- Back to the Early Installment: We see Captain Picard travel back to the events of the series' pilot, "Encounter at Farpoint." Tasha is still alive, Data is still acting spritely, and everyone is wearing the old uniforms.
- Bad Future: While things turn out fine for Data and Geordi in the alternate future, Picard and Beverly are divorced, Picard is suffering from Irumodic Syndrome, Troi is dead, Riker and Worf's friendship has fallen apart, and war looms between the Federation and the Klingon Empire.
- Batman Gambit: Invoked by Future Worf, when he grumbles that Picard always used honor to get him to do what he wants. Picard barks back that the reason it works is that Worf is one of the few Klingons who really do believe in honor.
- Big Damn Heroes: The future Enterprise saves the Pasteur from Klingons.
- Book Ends: Invoked, as the last episode of the series shares much with the first. Additionally, as he got the first line in the first episode, Picard gets the last line here.
- When Picard takes command of the Enterprise, the signature on the orders is of Admiral Norah Satie, the same rear admiral who tried to destroy Picard's career in "The Drumhead".
- In the past, Picard persuades past O'Brien to work with him in engineering by mentioning his love of making ships in bottles, in reference to the season 3 episode "Booby Trap". He tells him that he found this out from reading Capt. Maxwell's log entries for the USS Rutledge.
- The Bozeman is one of the ships deployed to the Neutral Zone.
- Picard finds himself once more brought before Q in a show trial modeled after the Post-Atomic Horror, just like in the series premiere.
- Geordi is married to "Leah" in the future, a reference to his would-be girlfriend Leah Brahms from "Booby Trap" and "Galaxy's Child."
- The remodeled Enterprise bridge seen in the future resembles the one seen on the last two alternate Enterprises in "Parallels".
- Canon Immigrant:
- In some ways the Bad Future resembles the one seen in Peter David's (non-canon) novel Imzadi, especially Future Riker's appearance and characterisation.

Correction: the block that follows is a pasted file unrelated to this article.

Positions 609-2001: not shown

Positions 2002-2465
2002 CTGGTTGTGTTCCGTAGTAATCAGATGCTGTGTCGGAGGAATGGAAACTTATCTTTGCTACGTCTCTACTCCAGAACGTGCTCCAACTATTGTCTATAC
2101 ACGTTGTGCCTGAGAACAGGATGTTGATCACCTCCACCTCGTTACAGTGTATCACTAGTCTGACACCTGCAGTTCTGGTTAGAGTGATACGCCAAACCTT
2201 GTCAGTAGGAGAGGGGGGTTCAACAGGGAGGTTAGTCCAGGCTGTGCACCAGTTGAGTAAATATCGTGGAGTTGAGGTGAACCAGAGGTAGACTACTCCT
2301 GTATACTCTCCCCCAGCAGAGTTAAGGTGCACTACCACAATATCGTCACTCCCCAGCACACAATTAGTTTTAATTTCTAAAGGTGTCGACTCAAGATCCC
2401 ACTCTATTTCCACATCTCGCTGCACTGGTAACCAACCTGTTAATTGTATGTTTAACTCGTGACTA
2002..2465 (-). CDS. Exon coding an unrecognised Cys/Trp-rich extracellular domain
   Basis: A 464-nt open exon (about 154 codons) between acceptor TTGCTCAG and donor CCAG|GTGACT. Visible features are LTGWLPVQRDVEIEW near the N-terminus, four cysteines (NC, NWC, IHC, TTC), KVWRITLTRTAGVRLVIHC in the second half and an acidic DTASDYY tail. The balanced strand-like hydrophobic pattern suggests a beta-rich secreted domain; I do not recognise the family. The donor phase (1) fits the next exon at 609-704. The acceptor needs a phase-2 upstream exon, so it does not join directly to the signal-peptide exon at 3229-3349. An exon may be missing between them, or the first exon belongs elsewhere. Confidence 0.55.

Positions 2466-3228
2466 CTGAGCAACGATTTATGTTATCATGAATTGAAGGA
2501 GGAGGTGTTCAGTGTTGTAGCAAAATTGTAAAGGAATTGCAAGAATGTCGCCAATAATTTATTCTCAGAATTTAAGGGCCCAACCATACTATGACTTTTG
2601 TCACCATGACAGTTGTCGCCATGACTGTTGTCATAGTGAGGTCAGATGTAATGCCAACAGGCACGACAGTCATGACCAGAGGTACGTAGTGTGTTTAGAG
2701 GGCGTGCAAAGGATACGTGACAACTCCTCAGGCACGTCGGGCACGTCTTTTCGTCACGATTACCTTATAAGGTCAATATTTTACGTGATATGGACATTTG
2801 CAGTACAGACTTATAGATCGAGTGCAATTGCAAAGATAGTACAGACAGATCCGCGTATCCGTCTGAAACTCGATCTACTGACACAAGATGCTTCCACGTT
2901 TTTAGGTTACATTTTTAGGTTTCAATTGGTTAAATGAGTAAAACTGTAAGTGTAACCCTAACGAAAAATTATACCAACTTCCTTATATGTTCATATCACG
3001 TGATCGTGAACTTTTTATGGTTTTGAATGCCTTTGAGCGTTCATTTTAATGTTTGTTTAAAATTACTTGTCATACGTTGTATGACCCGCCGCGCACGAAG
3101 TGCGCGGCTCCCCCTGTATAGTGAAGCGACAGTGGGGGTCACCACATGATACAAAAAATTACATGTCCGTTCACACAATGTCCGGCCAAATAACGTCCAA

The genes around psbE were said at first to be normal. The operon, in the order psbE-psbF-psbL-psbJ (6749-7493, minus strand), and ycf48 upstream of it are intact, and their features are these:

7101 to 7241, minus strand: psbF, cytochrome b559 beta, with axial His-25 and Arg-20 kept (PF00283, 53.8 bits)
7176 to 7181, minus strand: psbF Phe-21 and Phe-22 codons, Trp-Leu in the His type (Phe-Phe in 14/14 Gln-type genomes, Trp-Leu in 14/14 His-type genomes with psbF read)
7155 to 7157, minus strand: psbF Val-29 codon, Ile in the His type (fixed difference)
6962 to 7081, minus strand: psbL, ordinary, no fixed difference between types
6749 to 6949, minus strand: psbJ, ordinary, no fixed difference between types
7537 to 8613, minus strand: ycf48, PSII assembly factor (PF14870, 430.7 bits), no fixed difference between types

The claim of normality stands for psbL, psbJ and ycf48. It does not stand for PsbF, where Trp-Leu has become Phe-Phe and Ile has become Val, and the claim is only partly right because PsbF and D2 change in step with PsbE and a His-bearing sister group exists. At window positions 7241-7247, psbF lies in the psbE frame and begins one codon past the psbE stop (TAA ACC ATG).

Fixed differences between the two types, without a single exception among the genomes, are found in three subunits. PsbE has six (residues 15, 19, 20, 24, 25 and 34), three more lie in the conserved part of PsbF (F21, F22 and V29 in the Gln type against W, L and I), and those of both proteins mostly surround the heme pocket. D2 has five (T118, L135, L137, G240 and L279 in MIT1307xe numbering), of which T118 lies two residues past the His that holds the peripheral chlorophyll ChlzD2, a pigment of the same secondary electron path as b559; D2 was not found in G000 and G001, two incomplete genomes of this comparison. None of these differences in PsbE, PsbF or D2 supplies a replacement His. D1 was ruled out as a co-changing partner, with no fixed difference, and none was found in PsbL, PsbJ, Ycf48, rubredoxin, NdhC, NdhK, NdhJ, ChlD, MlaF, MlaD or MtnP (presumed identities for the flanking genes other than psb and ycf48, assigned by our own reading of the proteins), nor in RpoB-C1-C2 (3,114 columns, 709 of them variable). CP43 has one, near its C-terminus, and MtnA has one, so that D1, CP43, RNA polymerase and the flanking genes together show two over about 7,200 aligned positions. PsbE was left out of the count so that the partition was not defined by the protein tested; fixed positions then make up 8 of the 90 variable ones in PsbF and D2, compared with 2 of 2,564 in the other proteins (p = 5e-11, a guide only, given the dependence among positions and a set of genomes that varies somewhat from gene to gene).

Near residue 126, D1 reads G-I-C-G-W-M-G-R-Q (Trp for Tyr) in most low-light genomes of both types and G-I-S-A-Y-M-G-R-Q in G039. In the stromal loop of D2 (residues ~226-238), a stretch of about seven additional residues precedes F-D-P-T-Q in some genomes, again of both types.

- Arguably also the future Enterprise, which appears to be based heavily on the Dreadnought class ship shown way back in 1975's Star Fleet Technical Manual.
- Cassandra Truth: None of the future or past Enterprise crews can see the Q-Continuum yelling at Picard, and the future crew think he's just going senile. At first.
- Complete-the-Quote Title: "All Good Things" ... must come to an end.
- Convection, Schmonvection: When Picard visits primeval Earth. Justified as he's with a Reality Warper who can cancel out whatever laws of physics he likes.
- Cool Ship: The refit future-Enterprise is some kind of Galaxy-class Dreadnought, with a powerful phaser pulse cannon beneath the saucer, extra phaser arrays, three warp nacelles and a cloaking device; the Klingon attack cruisers also count, the model even made its way into Deep Space Nine as the Klingon flagship Negh'Var. Finally, Captain Beverly Picard's hospital ship, the USS Pasteur with its unusual spherical primary hull instead of the usual saucer section is worth noting for being one of the more unique Starfleet ships depicted on-screennote .
- Curb-Stomp Battle: The Klingon attack cruisers deliver one to the Pasteur, right before the Enterprise arrives and dishes out one of her own.
- Damned by Faint Praise: After sharing a romantic holodeck program with Worf, Deanna is annoyed that he can't come up with a better way to describe it than "stimulating." (Well, it was "very stimulating"...)
- Dare to Be Badass: Future Picard goads Future Worf into letting them cross the Klingon border.Picard: Well, I know that I am an old man and I am out of touch. But the Worf that I remember was more concerned with things like honor and loyalty than rules and regulations. But that was a long time ago, and maybe you're not the Worf I once knew.
- Disposable Pilot: The Red Shirt flying the Pasteur bites it when the helm console explodes.
- Don't Call Me "Sir": In the alternate future, Geordi asks Picard if he prefers being called "Captain" or "Ambassador", or possibly "Mr. Picard". Picard asks him to call him Jean-Luc. Geordi decides that he couldn't get used to that, and he and Data both default to "Captain".